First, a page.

Union solidarity the first victim of Croke Park II
The position faced by the leaders of the public service unions who renegotiated Croke Park is quite without precedent in Irish industrial relations.
In the deep recession of the 1980s, unions negotiated the first social partnership agreement in 1987. While the rate of unemployment and the burden of public debt were comparable to current levels, the 1987-1990 Programme for National Recovery contained a series of sweeteners that included modest pay rises and reductions in income tax.
What has occurred this week is a root-and-branch renegotiation of the original Croke Park deal, a year earlier than the agreement was to end.
If the agreement is eventually ratified, unions will gain the rather slender carrot of an assurance that this Government will seek no further concessions from public servants. More significant in the thinking of union leaders is their concern to avoid a large stick in the form of legislatively imposed pay cuts. Any law passed to reduce public service pay would likely take less account of issues such as fairness between high and low earners or between new entrants to jobs such as teaching and established professionals.
Throughout its life Croke Park has come in for consistent criticism on the grounds that the concessions sought from public servants were too modest when set against the scale of fiscal consolidation required to stabilise the public finances. Some commentators also pointed out that, with more confidence than warranted by the quality of the evidence adduced, that a public service pay premium existed that needed to be pared back significantly.
While public servants have been spared the involuntary job losses that have been all too common in the commercial sector, it bears emphasis that only minorities of workers in the private sector have been faced with either pay cuts or increases in working time.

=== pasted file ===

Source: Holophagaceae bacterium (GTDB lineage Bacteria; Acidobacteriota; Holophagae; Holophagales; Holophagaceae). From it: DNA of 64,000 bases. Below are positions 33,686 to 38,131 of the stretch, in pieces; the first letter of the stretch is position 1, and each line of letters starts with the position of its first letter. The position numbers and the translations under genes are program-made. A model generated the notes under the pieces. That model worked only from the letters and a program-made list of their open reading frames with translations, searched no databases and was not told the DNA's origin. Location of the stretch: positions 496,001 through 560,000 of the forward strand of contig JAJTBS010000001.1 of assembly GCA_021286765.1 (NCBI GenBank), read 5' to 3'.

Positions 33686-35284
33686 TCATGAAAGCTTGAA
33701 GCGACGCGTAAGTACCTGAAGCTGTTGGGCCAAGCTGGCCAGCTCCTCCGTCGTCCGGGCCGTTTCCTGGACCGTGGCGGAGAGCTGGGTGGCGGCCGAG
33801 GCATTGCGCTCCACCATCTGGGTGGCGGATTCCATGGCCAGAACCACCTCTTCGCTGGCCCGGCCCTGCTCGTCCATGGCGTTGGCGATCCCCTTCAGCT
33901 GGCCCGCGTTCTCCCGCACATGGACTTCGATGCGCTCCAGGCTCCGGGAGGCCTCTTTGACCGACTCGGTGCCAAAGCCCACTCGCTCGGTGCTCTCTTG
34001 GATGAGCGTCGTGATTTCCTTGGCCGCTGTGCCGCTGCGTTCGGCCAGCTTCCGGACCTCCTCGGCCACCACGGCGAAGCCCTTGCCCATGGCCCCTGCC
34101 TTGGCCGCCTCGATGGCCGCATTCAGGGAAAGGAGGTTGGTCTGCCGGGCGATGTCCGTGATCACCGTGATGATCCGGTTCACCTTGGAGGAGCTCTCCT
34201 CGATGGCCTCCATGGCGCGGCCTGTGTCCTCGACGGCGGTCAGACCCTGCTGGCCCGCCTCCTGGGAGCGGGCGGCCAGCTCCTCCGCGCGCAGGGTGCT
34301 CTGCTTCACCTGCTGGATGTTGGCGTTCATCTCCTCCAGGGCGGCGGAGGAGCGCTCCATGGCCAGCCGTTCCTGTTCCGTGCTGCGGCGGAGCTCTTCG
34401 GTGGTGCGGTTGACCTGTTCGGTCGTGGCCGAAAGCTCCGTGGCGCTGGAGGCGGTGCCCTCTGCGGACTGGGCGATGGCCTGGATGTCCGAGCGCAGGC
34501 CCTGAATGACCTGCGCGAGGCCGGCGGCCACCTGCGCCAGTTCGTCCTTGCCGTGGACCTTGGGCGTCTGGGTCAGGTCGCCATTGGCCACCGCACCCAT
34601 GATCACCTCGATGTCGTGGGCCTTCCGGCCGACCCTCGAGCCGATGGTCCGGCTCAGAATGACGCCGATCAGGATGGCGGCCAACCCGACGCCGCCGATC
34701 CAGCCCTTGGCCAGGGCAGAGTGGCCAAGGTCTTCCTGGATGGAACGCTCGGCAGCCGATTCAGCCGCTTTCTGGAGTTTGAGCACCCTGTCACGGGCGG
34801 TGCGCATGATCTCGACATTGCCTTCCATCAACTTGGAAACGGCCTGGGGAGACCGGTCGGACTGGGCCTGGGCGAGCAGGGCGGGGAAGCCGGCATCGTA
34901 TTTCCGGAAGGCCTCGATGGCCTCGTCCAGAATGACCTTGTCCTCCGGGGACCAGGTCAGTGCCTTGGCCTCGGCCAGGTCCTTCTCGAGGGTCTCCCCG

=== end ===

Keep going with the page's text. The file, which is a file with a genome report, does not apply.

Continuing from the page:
Most have borne pay freezes and some have continued to enjoy pay rises. If ratified, the current draft agreement will give the lie to outright attacks on the Croke Park process, as it will mark effectively the third cycle of pay cuts since the onset of the recession and will involve unprecedented increases in working time for most public servants.
A raft of work practice and mobility reforms will also be carried over from Croke Park I. Some of the areas of reform contained in the original agreement, for example, the treatment of under-performance and the territory over which job mobility may be required, will be tightened significantly.
Over the weeks ahead attention will focus on whether the deal will be ratified. This is very much an open question. The “big four” unions in the Irish Congress of Trade Unions public services committee – Siptu, Impact, the Public Service Executive Union and the Irish National Teachers Organisation – hold the votes to achieve the majority required to ratify the agreement. However, it is clear from recent statements and pronouncements by these unions that they will not proselytise in favour of the new agreement but rather put the terms before members as the best that can be achieved through negotiation and better than available through industrial action.